One often overlooked strategy for list building is to step outside of your immediate market, and get known in new verticals. Take for example, my list building advice: it works for bloggers, but it can also work for photographers, dentists, and jewelry designers. I’ve been able to repurpose my content and do short focused bursts of list building in these different markets.
Considered a form of interruption marketing, interstitials are any page or pop-up that forms a roadblock to users’ path to content, either by displaying over the content or interrupting it. Users have no choice but to interact with the display before they can proceed. Forbes was a classic example of the “before” interstitial (also known as a “prestitial”).
Article marketing is one of the most effective ways to build your list. Even though it's free when it comes to spending money, you have to provide your future subscribers with real content, content that will actually solve their problems and fulfill their needs. You can either write articles yourself, or pay someone to do it. Websites such as Ezine articles allows you to upload your articles in plain tech. However, 2.0 sites, such as Hubpages or Squidoo provide much more options in terms of customization and graphic backup.
Don’t read everything at once. There is a lot of great information in here, but it’s easy to feel overwhelmed after reading through all of the content in one sitting. Instead, take incremental steps. For example, if you want to find out where or how to ask people for their emails on your site, read the content in chapter 2. Implement it, then come back later for the next steps.
Once you have a topic for content creation, you then need to think about producing it. What you want to do, is create something that’s better than what’s available. As I mentioned before, this can mean that you make the existing content more actionable.  It can also relate to creating content that has a better design.  It may even be just that you add more images, because content with more images tends to get 94% more views than content without images.  Creating something with a lot of words also helps, because if a post is longer than 1,500 words it tends to rank higher in the search engines.

I think the object of this part is to create a list of people's emails so that you might have a database of people to sell things to. The easiest way to create this email list is to offer them something free. That way people will be willing to sign up for your free whatever it is that you want to give them. Once you create a little form for them to put their name and email into, then you give them the free thing. It could be something they download, or it could be something tangible, such as something physical you send in the mail. It would be more expensive to do that, but the way you get around that is to do a raffle. If you offer something really good, something that costs money, like a gem or a ring or something similar, you could raffle it and still, people would be willing to give you their email just for the act of getting in on the opportunity to win the ring or the gem or whatever it is you would like to raffle. It could be a "Fidget Spinner." It could be anything.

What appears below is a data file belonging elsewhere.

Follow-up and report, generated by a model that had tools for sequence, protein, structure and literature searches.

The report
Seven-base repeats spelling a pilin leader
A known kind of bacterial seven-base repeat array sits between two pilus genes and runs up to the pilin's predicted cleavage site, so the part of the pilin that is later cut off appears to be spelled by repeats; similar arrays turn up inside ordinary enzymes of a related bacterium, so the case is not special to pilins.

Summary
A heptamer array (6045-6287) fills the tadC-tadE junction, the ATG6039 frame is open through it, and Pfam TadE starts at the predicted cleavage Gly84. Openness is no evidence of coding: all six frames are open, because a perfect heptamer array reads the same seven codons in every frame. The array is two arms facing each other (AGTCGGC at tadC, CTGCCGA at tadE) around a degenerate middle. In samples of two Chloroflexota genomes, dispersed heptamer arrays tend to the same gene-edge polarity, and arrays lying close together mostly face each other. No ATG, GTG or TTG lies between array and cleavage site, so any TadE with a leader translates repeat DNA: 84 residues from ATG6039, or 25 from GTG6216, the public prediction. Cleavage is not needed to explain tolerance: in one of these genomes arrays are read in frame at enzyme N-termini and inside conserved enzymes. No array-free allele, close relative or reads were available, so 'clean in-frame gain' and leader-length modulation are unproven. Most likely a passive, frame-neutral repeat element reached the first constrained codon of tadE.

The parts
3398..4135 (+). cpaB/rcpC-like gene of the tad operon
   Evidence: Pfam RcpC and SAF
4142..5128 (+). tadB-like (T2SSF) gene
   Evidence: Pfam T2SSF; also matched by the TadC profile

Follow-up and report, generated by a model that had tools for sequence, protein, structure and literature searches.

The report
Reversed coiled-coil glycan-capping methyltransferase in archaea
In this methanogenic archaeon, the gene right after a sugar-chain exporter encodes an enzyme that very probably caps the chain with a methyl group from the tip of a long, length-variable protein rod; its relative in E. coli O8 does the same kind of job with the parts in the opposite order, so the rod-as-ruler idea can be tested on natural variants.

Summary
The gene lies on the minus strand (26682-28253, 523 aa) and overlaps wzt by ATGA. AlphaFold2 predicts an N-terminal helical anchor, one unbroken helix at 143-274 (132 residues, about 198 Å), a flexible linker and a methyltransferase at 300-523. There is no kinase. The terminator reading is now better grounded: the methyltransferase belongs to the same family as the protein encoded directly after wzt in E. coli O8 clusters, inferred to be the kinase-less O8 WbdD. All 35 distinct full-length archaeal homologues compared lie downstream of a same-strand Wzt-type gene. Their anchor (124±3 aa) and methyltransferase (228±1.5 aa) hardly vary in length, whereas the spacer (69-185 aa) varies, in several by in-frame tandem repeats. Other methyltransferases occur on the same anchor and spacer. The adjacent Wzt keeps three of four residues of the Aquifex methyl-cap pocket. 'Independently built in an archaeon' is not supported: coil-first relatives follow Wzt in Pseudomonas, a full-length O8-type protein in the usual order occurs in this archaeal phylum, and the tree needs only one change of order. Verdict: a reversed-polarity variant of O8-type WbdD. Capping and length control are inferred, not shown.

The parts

People like more choices, so consider creating subscription levels that let people sign up to receive content that’s relevant to them. For example, if you sell widgets and tax advice, provide three options on your opt-in form that allow users to sign up to receive info about widgets, info about tax advice or both. Further customize by allowing them to designate how frequently they’d like to hear from you — weekly, monthly or only when something really special is going on. People may be more likely to sign up for your email list if they have some control over the content they’ll receive.

Customers who visit your website but don't make purchases or transactions are important email marketing leads. However, customers who do make a purchase or transaction are even more valuable email marketing leads because they've shown a willingness to purchase from you or entrust you with personal or financial information. Ensuring that you make it easy and inviting for users to opt-in to your email program when they purchase or transact with you will help you build not only a large email list but also an email list of valuable users with proven purchasing history.


For subscribers who may have been on your list for a longer period of time, a small incentive or discount will often get them talking. Marketers should capitalize on word-of-mouth marketing by incorporating email sign-up on viral components, such as features that allow site visitors to forward products, services, wish lists, information online, notifications and more to their friends.